The secondaries boom is expected to continue unabated. In the next 2-3 years, slightly more LPs plan to use the secondaries market – either as buyers or sellers of assets – than have used it in its entire history.

There is also a strong consensus about the likely returns from distressed debt funds. Three fifths of investors expect distressed debt to deliver annual net returns of 11-15% over the next 3-5 years, with almost all LPs (89%) expecting returns of 11%+ from distressed debt.

There has been a dramatic rise in direct investing into private companies by LPs in the last few years. In the Summer 2006 Barometer only about one third of fund investors also invested directly. This proportion has now grown to two thirds. The trend shows no sign of slowing – 42% of Limited Partners say they will increase their direct investing over the next three years.

Co-investing is similarly popular – with almost two thirds of LPs co-investing alongside GPs. In fact, about a third of LPs say that they actively seek out co-investment opportunities or give priority to GPs that offer them.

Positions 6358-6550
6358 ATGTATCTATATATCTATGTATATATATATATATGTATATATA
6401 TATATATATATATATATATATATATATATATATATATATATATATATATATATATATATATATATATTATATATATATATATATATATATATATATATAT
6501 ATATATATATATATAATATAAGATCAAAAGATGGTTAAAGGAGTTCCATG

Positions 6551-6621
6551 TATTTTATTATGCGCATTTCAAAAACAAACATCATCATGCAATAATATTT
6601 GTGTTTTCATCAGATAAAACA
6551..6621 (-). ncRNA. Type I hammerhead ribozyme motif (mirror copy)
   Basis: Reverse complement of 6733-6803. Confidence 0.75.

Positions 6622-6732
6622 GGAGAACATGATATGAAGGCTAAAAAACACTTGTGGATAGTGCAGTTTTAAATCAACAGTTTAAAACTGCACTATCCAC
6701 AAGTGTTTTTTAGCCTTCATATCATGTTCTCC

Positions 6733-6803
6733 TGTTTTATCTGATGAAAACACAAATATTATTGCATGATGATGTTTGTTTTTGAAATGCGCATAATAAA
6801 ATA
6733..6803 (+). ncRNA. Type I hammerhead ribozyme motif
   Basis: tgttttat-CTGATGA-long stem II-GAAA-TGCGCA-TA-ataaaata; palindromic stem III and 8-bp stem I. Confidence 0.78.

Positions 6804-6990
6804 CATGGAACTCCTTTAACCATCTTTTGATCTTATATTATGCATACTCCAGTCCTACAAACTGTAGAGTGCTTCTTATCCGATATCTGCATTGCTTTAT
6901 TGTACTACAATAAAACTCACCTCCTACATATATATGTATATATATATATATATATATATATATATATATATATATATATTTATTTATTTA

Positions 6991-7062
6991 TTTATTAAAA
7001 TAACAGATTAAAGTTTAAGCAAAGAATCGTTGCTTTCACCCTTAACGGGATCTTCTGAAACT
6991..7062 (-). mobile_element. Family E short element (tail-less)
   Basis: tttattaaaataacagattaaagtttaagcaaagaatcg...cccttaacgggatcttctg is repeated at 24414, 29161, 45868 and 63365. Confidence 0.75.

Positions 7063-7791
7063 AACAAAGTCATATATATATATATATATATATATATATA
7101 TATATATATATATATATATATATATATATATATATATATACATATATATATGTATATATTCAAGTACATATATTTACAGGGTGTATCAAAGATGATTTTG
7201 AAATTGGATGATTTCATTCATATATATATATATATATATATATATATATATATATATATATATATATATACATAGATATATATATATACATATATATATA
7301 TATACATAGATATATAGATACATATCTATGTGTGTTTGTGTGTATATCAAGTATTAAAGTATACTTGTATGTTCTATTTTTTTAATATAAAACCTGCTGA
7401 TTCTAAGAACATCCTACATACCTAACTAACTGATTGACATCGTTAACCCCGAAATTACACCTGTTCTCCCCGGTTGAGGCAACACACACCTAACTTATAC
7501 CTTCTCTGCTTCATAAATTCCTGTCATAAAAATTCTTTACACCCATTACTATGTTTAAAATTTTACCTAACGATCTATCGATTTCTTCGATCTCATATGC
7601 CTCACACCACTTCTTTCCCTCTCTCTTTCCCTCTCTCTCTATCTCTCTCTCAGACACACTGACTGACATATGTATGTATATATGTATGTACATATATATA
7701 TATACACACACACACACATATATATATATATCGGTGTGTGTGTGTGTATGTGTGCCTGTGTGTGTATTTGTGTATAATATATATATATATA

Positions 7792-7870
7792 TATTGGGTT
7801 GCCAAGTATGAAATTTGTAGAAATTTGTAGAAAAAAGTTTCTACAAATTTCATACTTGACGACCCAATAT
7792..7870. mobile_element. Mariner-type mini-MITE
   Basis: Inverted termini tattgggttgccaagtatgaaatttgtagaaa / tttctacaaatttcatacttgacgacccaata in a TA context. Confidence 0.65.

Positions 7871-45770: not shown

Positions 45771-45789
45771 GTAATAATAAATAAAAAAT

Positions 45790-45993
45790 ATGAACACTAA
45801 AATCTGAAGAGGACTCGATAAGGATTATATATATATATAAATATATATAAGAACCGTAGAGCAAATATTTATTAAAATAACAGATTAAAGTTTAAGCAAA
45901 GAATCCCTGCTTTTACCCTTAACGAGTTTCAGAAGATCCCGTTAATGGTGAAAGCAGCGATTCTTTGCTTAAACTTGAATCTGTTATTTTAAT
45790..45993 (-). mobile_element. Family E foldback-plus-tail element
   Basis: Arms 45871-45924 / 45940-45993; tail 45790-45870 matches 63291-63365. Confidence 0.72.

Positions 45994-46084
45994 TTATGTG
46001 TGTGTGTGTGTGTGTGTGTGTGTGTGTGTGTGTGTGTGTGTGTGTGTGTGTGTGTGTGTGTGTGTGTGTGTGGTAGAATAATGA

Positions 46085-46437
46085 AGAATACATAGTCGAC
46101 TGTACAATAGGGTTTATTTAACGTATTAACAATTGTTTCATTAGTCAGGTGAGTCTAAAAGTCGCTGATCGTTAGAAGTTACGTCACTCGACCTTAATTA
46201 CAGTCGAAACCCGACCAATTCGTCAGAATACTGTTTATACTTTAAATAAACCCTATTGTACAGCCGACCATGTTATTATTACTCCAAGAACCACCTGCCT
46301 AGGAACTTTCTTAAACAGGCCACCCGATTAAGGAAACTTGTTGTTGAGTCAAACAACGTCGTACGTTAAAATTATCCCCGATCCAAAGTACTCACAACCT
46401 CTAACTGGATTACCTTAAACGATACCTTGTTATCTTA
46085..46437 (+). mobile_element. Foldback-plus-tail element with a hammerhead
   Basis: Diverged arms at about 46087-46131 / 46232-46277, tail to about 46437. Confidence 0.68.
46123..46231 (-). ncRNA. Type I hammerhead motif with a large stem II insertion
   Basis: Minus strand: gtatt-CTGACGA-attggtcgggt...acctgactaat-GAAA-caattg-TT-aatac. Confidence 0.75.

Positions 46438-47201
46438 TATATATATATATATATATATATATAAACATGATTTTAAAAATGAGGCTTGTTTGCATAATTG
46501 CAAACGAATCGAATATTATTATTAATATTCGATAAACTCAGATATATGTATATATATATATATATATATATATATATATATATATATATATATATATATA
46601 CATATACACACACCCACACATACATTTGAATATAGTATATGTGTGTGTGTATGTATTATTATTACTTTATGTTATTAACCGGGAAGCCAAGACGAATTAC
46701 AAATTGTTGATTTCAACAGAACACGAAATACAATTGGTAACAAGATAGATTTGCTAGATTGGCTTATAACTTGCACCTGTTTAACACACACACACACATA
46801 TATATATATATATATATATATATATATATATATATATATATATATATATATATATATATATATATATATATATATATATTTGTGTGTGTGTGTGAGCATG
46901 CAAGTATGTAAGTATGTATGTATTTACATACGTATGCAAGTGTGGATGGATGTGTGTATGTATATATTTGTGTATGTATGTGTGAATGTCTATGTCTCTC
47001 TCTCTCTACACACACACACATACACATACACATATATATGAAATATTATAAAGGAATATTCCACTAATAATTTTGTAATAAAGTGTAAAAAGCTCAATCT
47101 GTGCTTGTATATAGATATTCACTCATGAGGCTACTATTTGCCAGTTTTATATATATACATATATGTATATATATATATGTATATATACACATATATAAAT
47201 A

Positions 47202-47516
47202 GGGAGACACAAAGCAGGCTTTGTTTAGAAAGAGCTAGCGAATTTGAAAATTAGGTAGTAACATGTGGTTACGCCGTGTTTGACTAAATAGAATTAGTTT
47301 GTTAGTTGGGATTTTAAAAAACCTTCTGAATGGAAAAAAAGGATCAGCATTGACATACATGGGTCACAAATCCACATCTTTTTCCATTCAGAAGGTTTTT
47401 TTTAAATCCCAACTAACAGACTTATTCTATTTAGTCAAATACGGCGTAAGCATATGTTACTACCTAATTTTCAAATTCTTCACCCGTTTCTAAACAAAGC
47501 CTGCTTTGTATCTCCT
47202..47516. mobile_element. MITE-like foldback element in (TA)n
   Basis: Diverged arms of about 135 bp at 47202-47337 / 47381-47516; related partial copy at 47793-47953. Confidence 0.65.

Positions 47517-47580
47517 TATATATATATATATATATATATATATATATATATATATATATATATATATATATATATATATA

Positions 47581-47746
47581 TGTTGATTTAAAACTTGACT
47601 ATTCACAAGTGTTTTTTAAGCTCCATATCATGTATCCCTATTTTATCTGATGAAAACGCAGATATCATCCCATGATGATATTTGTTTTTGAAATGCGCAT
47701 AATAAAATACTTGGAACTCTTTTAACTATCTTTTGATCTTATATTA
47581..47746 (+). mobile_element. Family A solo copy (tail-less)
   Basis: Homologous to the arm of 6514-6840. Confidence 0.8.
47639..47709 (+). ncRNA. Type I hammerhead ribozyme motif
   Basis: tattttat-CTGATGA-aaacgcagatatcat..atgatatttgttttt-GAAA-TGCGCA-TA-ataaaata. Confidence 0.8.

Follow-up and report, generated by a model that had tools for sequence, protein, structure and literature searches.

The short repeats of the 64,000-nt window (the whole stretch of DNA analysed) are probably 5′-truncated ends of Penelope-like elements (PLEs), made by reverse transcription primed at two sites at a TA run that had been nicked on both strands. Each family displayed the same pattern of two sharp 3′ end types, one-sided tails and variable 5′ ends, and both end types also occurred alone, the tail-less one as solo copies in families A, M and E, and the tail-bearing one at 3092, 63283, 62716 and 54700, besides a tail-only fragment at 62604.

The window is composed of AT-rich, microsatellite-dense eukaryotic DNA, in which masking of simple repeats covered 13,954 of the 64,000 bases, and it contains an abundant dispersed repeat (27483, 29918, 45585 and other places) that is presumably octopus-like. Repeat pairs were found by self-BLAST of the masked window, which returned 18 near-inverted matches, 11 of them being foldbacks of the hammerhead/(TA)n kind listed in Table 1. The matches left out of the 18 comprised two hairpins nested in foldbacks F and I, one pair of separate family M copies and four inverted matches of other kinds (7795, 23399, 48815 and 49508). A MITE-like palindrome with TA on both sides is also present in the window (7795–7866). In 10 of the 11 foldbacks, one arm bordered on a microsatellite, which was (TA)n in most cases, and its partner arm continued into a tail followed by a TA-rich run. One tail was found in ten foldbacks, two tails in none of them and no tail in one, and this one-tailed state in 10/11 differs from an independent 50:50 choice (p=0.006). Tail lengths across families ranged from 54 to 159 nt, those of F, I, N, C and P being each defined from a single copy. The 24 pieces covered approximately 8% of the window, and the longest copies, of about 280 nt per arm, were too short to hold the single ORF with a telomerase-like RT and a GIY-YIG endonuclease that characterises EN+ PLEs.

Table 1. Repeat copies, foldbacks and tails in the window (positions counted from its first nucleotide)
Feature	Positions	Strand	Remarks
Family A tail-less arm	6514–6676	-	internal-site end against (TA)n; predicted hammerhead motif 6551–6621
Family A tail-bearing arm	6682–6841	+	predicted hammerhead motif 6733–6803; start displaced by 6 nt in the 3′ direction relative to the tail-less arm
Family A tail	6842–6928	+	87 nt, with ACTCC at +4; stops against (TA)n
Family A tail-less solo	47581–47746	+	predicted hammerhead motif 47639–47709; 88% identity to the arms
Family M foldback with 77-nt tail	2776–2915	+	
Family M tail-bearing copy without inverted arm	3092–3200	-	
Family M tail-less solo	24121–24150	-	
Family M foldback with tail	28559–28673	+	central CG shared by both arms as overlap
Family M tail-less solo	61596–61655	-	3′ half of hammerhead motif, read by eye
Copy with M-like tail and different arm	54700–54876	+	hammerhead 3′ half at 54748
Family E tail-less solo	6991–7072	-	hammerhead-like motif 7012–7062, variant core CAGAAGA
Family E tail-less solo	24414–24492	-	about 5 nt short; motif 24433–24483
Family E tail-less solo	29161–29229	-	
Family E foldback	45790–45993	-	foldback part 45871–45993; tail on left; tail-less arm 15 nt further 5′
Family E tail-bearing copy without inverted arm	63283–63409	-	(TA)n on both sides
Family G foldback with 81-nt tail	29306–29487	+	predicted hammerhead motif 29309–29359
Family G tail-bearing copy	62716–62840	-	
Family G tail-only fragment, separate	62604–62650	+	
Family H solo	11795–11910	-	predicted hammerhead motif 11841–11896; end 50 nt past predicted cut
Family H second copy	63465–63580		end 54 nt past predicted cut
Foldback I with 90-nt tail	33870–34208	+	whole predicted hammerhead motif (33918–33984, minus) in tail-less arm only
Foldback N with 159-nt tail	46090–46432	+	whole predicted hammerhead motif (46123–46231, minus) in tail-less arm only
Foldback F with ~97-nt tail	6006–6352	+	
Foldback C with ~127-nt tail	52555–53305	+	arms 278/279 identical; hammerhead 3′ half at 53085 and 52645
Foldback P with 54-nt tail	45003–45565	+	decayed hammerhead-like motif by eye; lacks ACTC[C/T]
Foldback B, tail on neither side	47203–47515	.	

Unsurprisingly, investors see economic conditions diverging significantly in North America and Europe. They are almost unanimous in expecting economic recovery in North America in the next 12-18 months – however, only a quarter of LPs expect the same for Europe. Most LPs foresee stagnant or even deteriorating economic conditions in Europe.

To a certain extent, they expect private equity to buck this trend. LPs expect the exit environment for private equity to improve across the world, though they think this will be most marked in North America – 88% of LPs expect improving exit conditions in the North American market.